Christie's November Auctions of Impressionist and Modern Art Total $472,972,100 Tonight’s sale of Impressionist and Modern Art staged at Christie’s New York realized $394,977,200, the second highest total ever achieved in fine art auctioneering.
News-Antique.com - Nov 10,2007 - · Stellar Performance for All Categories within the Sale
· New World Auction Records Set for Matisse, Signac, Pissarro and Others
New York – Tonight’s sale of Impressionist and Modern Art staged at Christie’s New York realized $394,977,200, the second highest total ever achieved in fine art auctioneering and second to Christie’s Evening Sale of Impressionist and Modern Art held exactly one year ago, which included the fabled Bloch-Bauer Klimts and totaled $491 million. The pre-sale total estimate for this evening was $350/480 million. The sale was 85% sold by value and 81% by lot. Buyers were 48.5% American, 24% European, 3% Asian, 1.5% Russian, 1.5% Latin American and 21.5% others.
“The enduring importance of works of art as a stable and consistent store of cultural and economic values was demonstrated in tonight’s dazzling sale of paintings, drawings and sculpture created by the artistic geniuses of the past century. Matisse, Picasso, Monet and Signac continue to captivate and delight a worldwide audience of collectors,” said Marc Porter, President, Christie’s Americas. “We look forward to the continuation of our sales next week with Selections from the Allan Stone Collection offered on the evening of November 12 and Post-War and Contemporary Art Evening Sale, taking place on November 13.”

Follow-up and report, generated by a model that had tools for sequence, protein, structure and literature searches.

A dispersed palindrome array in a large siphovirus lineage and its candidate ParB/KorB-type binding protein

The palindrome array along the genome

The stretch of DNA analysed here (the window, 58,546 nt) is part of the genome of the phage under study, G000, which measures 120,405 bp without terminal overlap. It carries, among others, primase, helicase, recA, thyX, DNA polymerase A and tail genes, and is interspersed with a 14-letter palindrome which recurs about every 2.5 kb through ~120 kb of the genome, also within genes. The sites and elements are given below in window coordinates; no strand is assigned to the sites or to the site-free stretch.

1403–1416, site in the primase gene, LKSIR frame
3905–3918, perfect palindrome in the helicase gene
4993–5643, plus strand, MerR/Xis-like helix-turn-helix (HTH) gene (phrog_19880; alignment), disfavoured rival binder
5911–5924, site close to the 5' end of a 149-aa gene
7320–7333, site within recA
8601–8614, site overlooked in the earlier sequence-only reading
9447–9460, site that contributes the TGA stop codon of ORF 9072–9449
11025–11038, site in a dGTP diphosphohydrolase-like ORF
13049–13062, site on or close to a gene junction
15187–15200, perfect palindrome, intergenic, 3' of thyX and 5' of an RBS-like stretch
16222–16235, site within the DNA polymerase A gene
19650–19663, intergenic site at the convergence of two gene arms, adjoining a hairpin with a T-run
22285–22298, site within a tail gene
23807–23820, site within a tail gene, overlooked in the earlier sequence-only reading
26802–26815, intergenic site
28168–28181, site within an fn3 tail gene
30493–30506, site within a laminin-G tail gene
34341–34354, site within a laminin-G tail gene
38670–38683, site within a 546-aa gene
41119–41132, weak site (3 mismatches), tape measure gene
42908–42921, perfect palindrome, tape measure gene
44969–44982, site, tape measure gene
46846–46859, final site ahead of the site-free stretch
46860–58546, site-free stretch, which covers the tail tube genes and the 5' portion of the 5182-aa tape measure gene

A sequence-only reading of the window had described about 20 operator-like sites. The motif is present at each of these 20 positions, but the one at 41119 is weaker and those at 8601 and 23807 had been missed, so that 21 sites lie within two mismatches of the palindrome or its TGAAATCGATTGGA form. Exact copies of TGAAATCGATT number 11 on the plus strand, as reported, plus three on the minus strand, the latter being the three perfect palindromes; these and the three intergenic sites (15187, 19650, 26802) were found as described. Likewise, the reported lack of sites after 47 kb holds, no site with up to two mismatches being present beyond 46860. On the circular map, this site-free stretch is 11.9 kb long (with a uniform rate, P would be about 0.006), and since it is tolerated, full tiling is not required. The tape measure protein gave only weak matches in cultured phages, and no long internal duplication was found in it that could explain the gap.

Tonight’s sale offered two spectacular examples of Odalisque-flavored paintings, one by Picasso and one by Matisse and both works flew high in tonight’s sale. L’Odalisque, harmonie bleue, painted in 1937 by Henri Matisse, realized $33.6 million and became the evening’s most expensive work, also setting a new world auction record for the artist. One of Matisse’s favorite subject matters, the odalisque, is portrayed in delicate colors and accentuates Matisse’s femme-fleur idea, the woman as the epitome of beauty, sensuality and fertility. The picture was bought from Matisse’s dealer by the family who offered it in this evening’s sale, an impeccable provenance, which was one of the many attractive qualities of this masterpiece.
Picasso was the evening’s darling. His works caught high prices throughout the sale, starting with the wonderfully simple study of an apple done in 1918 which fetched $825,000 and finding its apotheosis with his spectacular Femme accroupie au costume turc (Jacqueline), painted on 26 November 1955, which achieved $30.8 million. The crowning, definitive painting in a group of ten portraits of his companion Jacqueline Roque, Femme accroupie is perhaps the most Matisse-like of all his Les Femmes d’Alger-related works. Other Picasso highlights of the sale were his 1968 Homme à la Pipe, which fetched $16.8 million and the exquisite Dora Maar portrait from the collection of Lydia Winston Malbin which sold for $16.3 million.
In vibrancy, color-harmony and expressiveness, few portraits reach the heights that Modigliani conquered with his Portrait du sculpteur Oscar Miestchaninoff, 1916. The work fetched $30.8 million, and was the second most valuable painting of the evening. Modigliani appeared on the scene a second time with Jeune fille assise en chemise, which portrays one of the sitters that the artist worked with in Cagnes-sur-Mer, a village in the